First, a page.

DPAC discusses hot issues
On April 28, contentious issues such as medical marijuana policy, effectiveness of campus sustainability efforts and student access to information were debated at the bimonthly District Planning and Advisory Council (DPAC) meeting. Robert Myers, campus council for SMC, presented the proposed Administrative Regulation 2430, which prohibits both the possession and the use of medical marijuana on campus.
"This is more than a simple bureaucratic matter," said Myers. "This is to provide clarity to the students who may be lighting up on campus, thinking its legal."
He explained that California campuses routinely have these policies in place to coincide with federal support.
"We're not trying to get into a national drug policy debate," he said. "This is a conflict between state and federal programs. The Drug Free School Act is a federal program."
There was some expressed concern over the boundaries of identifying "possession," however he was quick to express that the intent was not to make the students guilty until proven innocent.
"There is no plan for drug sniffing dogs on campus," said Myers.
The Council unanimously approved the new regulatory ban.
Genevieve Bertone, project manager for sustainability and co-chair of the ACUPCC Sustainability Task Force, presented the 2007-2008 Greenhouse Gas Inventory. The report contained an overview of the campus' carbon emissions released from property facilities, transportation, and resource usage.
The report was a product of SMC President Chui Tsang's signing of the American College and University President's Climate Commitment (ACUPCC) in January 2008, dedicating resources toward climate neutrality and environmentally sustainable practices.
SMC's ACUPCC Sustainability Task Force was assembled for the campus to promote new initiatives, such as the greenhouse gas inventory. At the meeting they decided to join other colleges and universities across the country by collecting raw data on the college's carbon footprint.
Compared to data collected in 2006, combined emissions were found to have risen 6.1 percent. The bulk of these emissions were caused by the commuting habits of faculty and staff, as well as the source of SMC's electricity. SMC emits 29.8 tons of carbon emissions (MT CO2e) per thousand feet, which is slightly higher than the peer average of 28 MT CO2e.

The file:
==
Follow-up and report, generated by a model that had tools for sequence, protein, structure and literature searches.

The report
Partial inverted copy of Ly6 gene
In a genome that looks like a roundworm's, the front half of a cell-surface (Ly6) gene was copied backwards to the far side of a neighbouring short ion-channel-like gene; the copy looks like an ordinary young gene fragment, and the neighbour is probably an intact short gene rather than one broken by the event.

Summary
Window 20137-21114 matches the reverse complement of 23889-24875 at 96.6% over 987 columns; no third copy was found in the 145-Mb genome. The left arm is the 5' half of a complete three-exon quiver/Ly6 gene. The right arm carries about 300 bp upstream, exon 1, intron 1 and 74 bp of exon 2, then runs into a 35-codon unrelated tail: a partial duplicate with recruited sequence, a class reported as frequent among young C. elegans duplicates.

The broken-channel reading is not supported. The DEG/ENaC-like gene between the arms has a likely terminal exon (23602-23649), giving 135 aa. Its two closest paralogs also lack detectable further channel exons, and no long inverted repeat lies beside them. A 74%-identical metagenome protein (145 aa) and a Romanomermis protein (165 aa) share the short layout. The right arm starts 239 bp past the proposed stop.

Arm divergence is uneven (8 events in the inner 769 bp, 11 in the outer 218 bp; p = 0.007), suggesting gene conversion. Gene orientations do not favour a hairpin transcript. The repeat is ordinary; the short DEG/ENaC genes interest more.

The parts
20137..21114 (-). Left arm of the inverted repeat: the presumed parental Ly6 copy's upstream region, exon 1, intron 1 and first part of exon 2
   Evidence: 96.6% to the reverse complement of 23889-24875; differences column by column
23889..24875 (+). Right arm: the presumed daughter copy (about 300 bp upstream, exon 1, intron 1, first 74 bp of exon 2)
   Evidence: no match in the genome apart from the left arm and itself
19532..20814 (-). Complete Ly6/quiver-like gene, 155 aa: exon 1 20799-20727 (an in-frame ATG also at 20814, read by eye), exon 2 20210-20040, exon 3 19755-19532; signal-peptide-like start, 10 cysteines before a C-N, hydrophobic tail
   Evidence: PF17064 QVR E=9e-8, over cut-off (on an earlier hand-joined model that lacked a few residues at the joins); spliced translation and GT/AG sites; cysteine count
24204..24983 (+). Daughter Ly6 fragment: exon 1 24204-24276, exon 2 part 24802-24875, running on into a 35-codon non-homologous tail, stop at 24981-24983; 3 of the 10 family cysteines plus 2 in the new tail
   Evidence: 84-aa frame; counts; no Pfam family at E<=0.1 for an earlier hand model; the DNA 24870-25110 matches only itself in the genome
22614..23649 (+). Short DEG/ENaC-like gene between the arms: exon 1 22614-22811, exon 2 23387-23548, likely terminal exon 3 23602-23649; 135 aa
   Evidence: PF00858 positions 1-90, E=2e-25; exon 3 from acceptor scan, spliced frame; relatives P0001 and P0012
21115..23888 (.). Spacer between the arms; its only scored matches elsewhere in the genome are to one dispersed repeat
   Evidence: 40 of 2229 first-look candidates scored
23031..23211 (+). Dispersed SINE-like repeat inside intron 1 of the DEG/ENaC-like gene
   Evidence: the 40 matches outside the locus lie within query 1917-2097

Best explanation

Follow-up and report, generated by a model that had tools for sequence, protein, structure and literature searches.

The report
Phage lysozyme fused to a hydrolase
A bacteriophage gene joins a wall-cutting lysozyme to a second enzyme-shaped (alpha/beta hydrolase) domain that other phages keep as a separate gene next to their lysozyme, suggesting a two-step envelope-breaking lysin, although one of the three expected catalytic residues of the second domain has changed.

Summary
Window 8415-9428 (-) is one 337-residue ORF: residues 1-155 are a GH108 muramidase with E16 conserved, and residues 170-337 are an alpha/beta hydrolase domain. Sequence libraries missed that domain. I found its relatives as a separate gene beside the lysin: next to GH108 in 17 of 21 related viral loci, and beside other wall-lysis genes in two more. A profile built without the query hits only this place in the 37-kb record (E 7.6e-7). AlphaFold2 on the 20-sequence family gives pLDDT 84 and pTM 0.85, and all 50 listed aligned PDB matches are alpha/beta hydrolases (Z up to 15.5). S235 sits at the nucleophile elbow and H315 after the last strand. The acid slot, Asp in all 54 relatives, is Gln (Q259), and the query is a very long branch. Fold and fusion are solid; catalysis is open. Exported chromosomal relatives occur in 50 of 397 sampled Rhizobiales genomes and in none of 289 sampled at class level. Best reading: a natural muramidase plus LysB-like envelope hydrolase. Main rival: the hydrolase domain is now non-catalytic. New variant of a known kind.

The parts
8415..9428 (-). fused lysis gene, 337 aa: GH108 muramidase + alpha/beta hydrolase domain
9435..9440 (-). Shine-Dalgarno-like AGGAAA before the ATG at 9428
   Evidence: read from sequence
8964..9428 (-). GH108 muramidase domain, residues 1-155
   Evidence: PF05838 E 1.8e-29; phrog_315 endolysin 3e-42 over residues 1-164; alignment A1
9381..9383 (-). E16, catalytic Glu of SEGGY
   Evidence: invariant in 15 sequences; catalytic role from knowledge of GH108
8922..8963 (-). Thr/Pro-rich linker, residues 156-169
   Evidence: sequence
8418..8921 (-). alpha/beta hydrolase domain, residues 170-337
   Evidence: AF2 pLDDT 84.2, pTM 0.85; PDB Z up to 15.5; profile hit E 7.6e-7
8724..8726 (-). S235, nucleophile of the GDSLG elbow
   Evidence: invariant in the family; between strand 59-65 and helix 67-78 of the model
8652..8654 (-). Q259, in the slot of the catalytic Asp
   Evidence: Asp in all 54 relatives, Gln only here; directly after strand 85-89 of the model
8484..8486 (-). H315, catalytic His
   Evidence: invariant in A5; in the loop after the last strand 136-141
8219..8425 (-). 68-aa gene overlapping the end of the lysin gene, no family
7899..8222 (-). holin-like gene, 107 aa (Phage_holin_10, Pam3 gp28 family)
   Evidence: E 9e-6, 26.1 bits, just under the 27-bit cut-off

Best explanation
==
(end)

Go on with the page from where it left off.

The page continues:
When the emissions were compared on a student-to-carbon ratio, however, SMC proved to be well under the peer average. Every full-time student on campus emits just 1.2 MT CO2e—less than half of other comparable institutions, which averages at 3.1 MT CO2e.
Although the results of the greenhouse gas inventory were mixed, the task force remained positive on future goals.
"I'm a hundred percent optimistic," said Bertone. "We wanted to stay data-focused with this report—it was a big hurdle to overcome. Now we can use what we learned to actually make some changes."
The task force is meeting with all departments at the school to communicate and integrate the findings of the report, as well as promote a spirit of accountability to both faculty and students.
"We have voluntarily committed ourselves to this goal and it's part of our job to be ecologically literate," said Amber Katherine, co-chair of the Academic Senate Environmental Affairs Committee. "All of this information should be at the tips of our tongues when we talk to our students."
The Council unanimously accepted the Geenhouse Gas Inventory report.
Lesley Kawaguchi of the Student Learning Outcomes Committee reported on the proposed "pilot portal" electronic database to record and share Student Learning Outcomes (SLO) records among faculty members. The database would be incorporated into the faculty's data management system already in place.
SLO refer to the behavioral changes a student should retain after completing a class. While grades represent the end result of a class in quantitative terms, SLO represent the more abstract qualities of integrity, ethics, and critical thinking gained through the experience of the curriculum.
The database proposed, however, would not be accessible to students. This incited a point of contention during the discussion, as some committee members voiced concerns about potential lawsuits over the availability of the information.
"This seems like it will open a Pandora's Box of problems," said Howard Stahl, co-chair of the Budget Planning Subcommittee. "Don't the students have a right to know?"
Kawaguchi was quick to explain that the purpose of the program would not be to conjure a "Big Brother" mentality toward student information, but to compare information across campus disciplines. The information collected is self-evident in that the students have direct access to their professors, who are required to discuss their performance.
"The purpose of this would be to see what we can do to make successful students," said Kawaguchi. "It's a way to show faculty members what works and what doesn't."
The recommendation to create a pilot database has previously been approved by the council and is in development by both the Student Learning Outcomes Committee and the campus IT department.